* Sees 2014 core profit $8 bln from $6.9 bln in 2013
* Sees global demand up 3.5-4.0 pct from about 3.5 pct in 2013
* European market to grow for first time in three years
* Q4 core profit $1.91 bln vs Reuters poll of $1.80 bln
* Shares up 4 pct, strongest among European blue-chips
By Philip Blenkinsop
BRUSSELS, Feb 7 (Reuters) - ArcelorMittal, the world’s largest steelmaker, forecast higher profits this year, driven by higher steel sales and margins, and an increase in iron ore production as Europe ended two years of decline.
The company, which makes 6-7 percent of the world’s steel and is a broad gauge for the health of global manufacturing, said global steel consumption should increase by between 3.5 and 4 percent in 2014 from about 3.5 percent last year.
The steelmaker forecast a slowdown in consumption growth in China, Brazil and the former Soviet states, but saw U.S. market expansion of 4 percent and a modest improvement of around 2 percent in the European Union after declines in 2012 and 2013.
Chief Executive Lakshmi Mittal said the Luxembourg-based company was cautiously optimistic about 2014, a view reflected by other peers and steel users.
High-strength steel maker SSAB said sector prospects were slightly better and that Europe had bottomed out , while the Nordic region’s biggest builder, Skanska, said the outlook was improving.
The construction sector, which consumes about half the world’s steel, was among the hardest hit by the global financial crisis, but is recovering at least in the United States, where cheap shale gas is driving growth.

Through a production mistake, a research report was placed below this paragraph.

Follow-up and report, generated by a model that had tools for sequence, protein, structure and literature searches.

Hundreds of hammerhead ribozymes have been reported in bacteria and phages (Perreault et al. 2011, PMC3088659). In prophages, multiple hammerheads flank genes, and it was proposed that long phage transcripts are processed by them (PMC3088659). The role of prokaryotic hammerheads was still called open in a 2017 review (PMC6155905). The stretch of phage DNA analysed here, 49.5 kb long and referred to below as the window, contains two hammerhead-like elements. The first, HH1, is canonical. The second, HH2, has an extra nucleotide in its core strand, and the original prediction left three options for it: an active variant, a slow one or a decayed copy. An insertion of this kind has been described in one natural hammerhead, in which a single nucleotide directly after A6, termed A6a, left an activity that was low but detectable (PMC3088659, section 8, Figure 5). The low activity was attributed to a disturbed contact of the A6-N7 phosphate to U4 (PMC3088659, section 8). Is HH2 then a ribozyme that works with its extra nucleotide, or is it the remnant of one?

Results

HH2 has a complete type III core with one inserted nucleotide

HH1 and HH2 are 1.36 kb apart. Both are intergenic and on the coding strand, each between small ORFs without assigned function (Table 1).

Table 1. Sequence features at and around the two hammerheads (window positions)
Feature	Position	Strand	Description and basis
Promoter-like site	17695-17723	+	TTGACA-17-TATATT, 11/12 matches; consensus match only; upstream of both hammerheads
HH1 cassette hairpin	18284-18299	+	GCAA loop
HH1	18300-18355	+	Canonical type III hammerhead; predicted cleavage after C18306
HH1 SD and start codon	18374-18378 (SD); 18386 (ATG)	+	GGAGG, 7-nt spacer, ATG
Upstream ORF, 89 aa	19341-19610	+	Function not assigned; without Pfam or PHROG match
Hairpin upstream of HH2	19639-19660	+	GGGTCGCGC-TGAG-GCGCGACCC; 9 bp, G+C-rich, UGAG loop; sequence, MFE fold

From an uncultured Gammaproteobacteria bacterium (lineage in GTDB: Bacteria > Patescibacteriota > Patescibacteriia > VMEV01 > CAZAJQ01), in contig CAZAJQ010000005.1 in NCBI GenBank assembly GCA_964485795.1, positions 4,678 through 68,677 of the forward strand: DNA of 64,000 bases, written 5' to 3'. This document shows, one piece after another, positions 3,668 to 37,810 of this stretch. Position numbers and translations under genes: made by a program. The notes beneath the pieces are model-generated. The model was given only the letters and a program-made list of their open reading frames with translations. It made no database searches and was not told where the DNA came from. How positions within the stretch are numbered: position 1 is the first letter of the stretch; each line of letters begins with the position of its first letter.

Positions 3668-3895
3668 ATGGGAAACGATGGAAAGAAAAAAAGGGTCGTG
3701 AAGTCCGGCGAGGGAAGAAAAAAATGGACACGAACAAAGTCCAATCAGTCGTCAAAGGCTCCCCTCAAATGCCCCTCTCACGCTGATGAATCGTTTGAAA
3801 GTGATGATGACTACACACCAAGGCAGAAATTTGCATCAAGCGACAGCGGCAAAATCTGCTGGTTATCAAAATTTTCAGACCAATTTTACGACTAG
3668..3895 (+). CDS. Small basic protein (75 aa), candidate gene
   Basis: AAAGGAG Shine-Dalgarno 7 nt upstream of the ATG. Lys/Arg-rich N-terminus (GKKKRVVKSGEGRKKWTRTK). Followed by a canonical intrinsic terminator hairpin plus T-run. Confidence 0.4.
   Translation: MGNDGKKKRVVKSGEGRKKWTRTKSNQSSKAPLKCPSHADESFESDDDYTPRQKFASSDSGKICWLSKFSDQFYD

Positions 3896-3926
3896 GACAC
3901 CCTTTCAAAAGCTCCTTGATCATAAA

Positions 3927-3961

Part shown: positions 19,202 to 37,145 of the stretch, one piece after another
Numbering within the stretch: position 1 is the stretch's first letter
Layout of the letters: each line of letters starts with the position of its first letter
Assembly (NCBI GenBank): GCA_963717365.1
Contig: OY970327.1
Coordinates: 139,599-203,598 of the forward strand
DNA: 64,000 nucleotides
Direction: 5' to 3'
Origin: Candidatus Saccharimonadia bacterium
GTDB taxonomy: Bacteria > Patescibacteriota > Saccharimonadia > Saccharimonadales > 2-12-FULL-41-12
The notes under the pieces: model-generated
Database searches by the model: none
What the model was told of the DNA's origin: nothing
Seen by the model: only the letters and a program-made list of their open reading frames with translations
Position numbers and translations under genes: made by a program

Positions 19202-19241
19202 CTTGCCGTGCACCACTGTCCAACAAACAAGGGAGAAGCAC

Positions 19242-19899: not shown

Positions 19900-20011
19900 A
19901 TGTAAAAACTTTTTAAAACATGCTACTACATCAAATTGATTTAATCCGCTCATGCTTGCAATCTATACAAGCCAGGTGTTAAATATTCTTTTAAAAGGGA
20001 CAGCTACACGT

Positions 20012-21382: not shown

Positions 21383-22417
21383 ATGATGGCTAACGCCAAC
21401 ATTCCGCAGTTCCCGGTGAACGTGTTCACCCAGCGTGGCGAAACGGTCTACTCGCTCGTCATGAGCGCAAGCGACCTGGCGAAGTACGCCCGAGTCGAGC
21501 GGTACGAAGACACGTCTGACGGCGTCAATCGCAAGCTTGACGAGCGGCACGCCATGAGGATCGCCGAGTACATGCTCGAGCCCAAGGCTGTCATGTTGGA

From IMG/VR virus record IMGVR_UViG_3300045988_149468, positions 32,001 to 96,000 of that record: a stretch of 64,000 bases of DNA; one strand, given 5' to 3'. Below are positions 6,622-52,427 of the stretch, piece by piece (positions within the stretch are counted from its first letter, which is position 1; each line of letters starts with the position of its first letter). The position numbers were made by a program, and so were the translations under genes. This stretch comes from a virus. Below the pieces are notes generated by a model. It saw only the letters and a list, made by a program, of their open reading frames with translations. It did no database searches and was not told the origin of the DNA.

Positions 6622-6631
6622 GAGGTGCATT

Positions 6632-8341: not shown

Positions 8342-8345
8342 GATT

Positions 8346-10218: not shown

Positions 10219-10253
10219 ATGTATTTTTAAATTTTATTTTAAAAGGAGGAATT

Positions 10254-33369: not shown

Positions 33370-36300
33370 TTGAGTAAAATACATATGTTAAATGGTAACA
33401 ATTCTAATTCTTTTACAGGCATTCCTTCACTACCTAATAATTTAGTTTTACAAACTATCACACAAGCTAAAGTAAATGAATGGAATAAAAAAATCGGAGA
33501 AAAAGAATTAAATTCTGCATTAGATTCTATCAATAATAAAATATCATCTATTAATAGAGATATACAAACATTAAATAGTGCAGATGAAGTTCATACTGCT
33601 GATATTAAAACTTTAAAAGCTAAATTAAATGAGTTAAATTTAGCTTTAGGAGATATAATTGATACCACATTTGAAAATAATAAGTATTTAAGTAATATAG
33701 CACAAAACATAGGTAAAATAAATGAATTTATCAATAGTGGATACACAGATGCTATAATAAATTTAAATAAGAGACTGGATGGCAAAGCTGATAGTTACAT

Chief Financial Officer Aditya Mittal said volumes so far this year had grown across the business, except North America, although he said the latter appeared to be purely temporary from an exceptionally cold winter.
Mittal said purchasing managing indices in Europe were on average at two year highs and that steel demand in the continent was rising beyond just a restocking effect.
“We are seeing real demand improve. We think it will have more momentum in the second half of 2014 and we see industrial activity rising and construction stabilising,” he said, adding both had declined in 2013.
ArcelorMittal shares were trading up 4.1 percent at 12.90 euros at 0925 GMT, making them the strongest performers in the FTSEurofirst 300 index of leading European stocks.
Commerzbank analyst Ingo Schachel said both European steel units had reported higher fourth-quarter earnings than expected, partly due to better volumes, but mainly because of rising prices.
“Regarding the outlook, it’s good to be in line with consensus ... After five years of negative earnings revisions, investors find it reassuring that the steel reporting season is rather stable or even has a minor upside,” he said.
ArcelorMittal, more than double the size of its nearest rival, reported fourth-quarter core profit (EBITDA) of $1.91 billion, higher than the average $1.80 billion average expectation in a Reuters poll of brokers.
ArcelorMittal had said its core profit (EBITDA) in 2013 would be greater than $6.5 billion. In fact the figure came in at $6.89 billion.
The company said that would rise to $8 billion in 2014, in line with the Thomson Reuters I/B/E/S mean estimate for 2014 of $8.1 billion.
It said this was based on a 3 percent increase in steel shipments, a 15 percent rise in shipments of iron ore, average ore prices in line with the market consensus and a moderate increase in steel margins.
Capital expenditure would increase to between $3.8 and 4.0 billion in 2014 from $3.5 billion in 2013. However, Aditya Mittal explained the budget had not really risen, but some of the slated $3.7 billion spending in 2013 had simply rolled over.